|Mom & Me Mother's Day 2013|
I used to have this reoccurring nightmare when I was a little girl; A green-faced witch, much like the one in the Wizard of Oz, would snatch me out of my bed and carry me away from my family. Over and over again this cackling voice would recite the same phrase; “Witches are taking you away, witches are taking you away...”
It would scare me so badly that I’d wake up and creep into my mom and dad’s room. It was the only place I knew I’d be safe from the predator. I’d snuggle in with my mom, and practically dare the witches to try and snatch me away from her side.
Back then my mom was like my armor, she protected me from all the evils that I knew, and could make everything better.
As I grew, my mom’s ability to make everything better started to diminish. Not because of her, but because as I grew, my world got bigger, and she was no longer up against scary figments of my imagination. No, she was up against the very real experiences, emotions, and people that were expanding my world.
My adventurous childhood turned into my tumultuous adolescence. The older I got, the less I felt I needed my mother. Yet, she still hung on (sometimes to my dismay) and continued to protect me, even when I didn’t want her to.
But like I said, she couldn’t protect me from everything, no matter how badly she wanted to or how hard she tried. Time and time again, like all of us in life, experiences, emotions and people would hurt me; some leaving deep battle wounds that my mother would have to tend to.
If she couldn’t protect me, she certainly made up for it in helping me mend my wounds and move on.
To this day my mom has a mantra that she lives by; “Forward Focus,” or “F Squared” as she sometimes calls it. She’s a firm believer in moving forward in life, and never stopping, no matter what obstacles stand in your way.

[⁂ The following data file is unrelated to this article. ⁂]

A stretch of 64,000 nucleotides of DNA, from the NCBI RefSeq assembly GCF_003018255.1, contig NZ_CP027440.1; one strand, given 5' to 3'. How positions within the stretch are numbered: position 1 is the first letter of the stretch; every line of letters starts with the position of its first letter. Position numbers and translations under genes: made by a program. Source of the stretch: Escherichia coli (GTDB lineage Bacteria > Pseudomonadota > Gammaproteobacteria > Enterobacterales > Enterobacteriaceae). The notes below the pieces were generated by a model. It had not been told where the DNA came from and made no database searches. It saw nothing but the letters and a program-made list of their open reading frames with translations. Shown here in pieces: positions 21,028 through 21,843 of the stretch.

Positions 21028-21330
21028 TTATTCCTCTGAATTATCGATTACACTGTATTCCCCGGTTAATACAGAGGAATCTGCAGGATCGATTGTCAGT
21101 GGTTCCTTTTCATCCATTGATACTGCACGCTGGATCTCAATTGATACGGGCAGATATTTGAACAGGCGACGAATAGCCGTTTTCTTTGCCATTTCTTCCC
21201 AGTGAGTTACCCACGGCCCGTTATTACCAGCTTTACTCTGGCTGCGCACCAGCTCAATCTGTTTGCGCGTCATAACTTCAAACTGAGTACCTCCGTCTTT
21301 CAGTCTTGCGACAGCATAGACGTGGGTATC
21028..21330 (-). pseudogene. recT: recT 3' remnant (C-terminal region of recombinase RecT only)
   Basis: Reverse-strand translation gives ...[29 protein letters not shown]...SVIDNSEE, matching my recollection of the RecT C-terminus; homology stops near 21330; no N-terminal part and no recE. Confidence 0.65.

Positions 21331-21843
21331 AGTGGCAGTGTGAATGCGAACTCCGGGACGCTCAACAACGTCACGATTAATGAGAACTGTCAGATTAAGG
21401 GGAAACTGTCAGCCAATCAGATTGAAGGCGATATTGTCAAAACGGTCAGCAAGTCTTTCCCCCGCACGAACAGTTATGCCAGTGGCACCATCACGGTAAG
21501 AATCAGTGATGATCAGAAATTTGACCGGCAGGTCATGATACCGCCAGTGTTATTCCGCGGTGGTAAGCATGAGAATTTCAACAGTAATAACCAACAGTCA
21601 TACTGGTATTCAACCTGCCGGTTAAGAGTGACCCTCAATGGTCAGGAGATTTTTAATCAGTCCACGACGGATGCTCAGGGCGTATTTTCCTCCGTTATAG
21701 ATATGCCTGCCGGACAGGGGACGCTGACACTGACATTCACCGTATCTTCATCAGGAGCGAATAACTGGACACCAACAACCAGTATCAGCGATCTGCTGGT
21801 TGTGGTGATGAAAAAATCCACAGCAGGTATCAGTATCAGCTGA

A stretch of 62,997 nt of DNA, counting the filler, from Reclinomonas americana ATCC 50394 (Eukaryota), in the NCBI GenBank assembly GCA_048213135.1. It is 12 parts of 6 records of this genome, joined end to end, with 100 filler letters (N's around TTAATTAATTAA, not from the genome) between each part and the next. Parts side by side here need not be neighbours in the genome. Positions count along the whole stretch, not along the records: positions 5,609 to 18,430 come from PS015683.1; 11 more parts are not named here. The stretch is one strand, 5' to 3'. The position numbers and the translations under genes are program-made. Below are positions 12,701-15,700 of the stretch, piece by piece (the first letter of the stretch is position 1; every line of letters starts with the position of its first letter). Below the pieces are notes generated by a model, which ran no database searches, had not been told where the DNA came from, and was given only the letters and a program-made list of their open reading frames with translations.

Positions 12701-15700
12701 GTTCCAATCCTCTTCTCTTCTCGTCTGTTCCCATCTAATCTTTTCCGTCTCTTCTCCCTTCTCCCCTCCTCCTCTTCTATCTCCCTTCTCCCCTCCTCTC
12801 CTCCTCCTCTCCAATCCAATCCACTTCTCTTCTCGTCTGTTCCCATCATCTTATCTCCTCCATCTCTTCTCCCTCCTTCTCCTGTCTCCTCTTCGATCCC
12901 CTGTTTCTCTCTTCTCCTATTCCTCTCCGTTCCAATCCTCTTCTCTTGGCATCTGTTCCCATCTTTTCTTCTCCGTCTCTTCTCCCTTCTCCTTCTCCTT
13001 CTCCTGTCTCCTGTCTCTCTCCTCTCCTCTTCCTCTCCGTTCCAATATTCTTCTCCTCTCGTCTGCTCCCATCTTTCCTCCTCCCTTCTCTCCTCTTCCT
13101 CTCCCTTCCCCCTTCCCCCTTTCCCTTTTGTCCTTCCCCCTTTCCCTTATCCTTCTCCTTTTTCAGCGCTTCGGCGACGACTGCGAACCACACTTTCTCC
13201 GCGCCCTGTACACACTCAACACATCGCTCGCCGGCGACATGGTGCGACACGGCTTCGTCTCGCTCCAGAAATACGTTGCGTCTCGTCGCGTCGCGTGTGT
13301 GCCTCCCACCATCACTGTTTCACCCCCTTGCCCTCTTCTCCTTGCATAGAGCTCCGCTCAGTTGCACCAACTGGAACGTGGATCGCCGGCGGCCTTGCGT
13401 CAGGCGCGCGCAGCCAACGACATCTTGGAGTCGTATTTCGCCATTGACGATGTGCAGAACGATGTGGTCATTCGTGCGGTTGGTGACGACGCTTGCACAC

She is strong, determined, and resilient. She is the type of woman who literally makes lemonade out of the lemons that life dishes out. A perfect example of this is when she was diagnosed with MS a few years ago. Rather than get lost in this disease that has no cure, she took her new reality in stride and used it as motivation to start running. Her logic, that she may one day lose the function of her legs, was enough to make her do something she’d never done before, but had always wanted to do.
She started running and eventually signed up for a 10k race, which she completed like a champ.
I’m lucky to be my mother’s daughter. While I learned a long time ago that she can’t protect me from the evils of life, she can certainly help me see these people, experiences and emotions for what they are; character builders and chances for new opportunities that we never knew we wanted, or that we never thought we could accomplish until we were forced to.
My mom stabilizes me and is constantly reminding me that we are not defined by the things that happen to us, rather these are just defining moments that we accept and move forward from.
In a sense I guess my mom is still protecting me, just in a different way.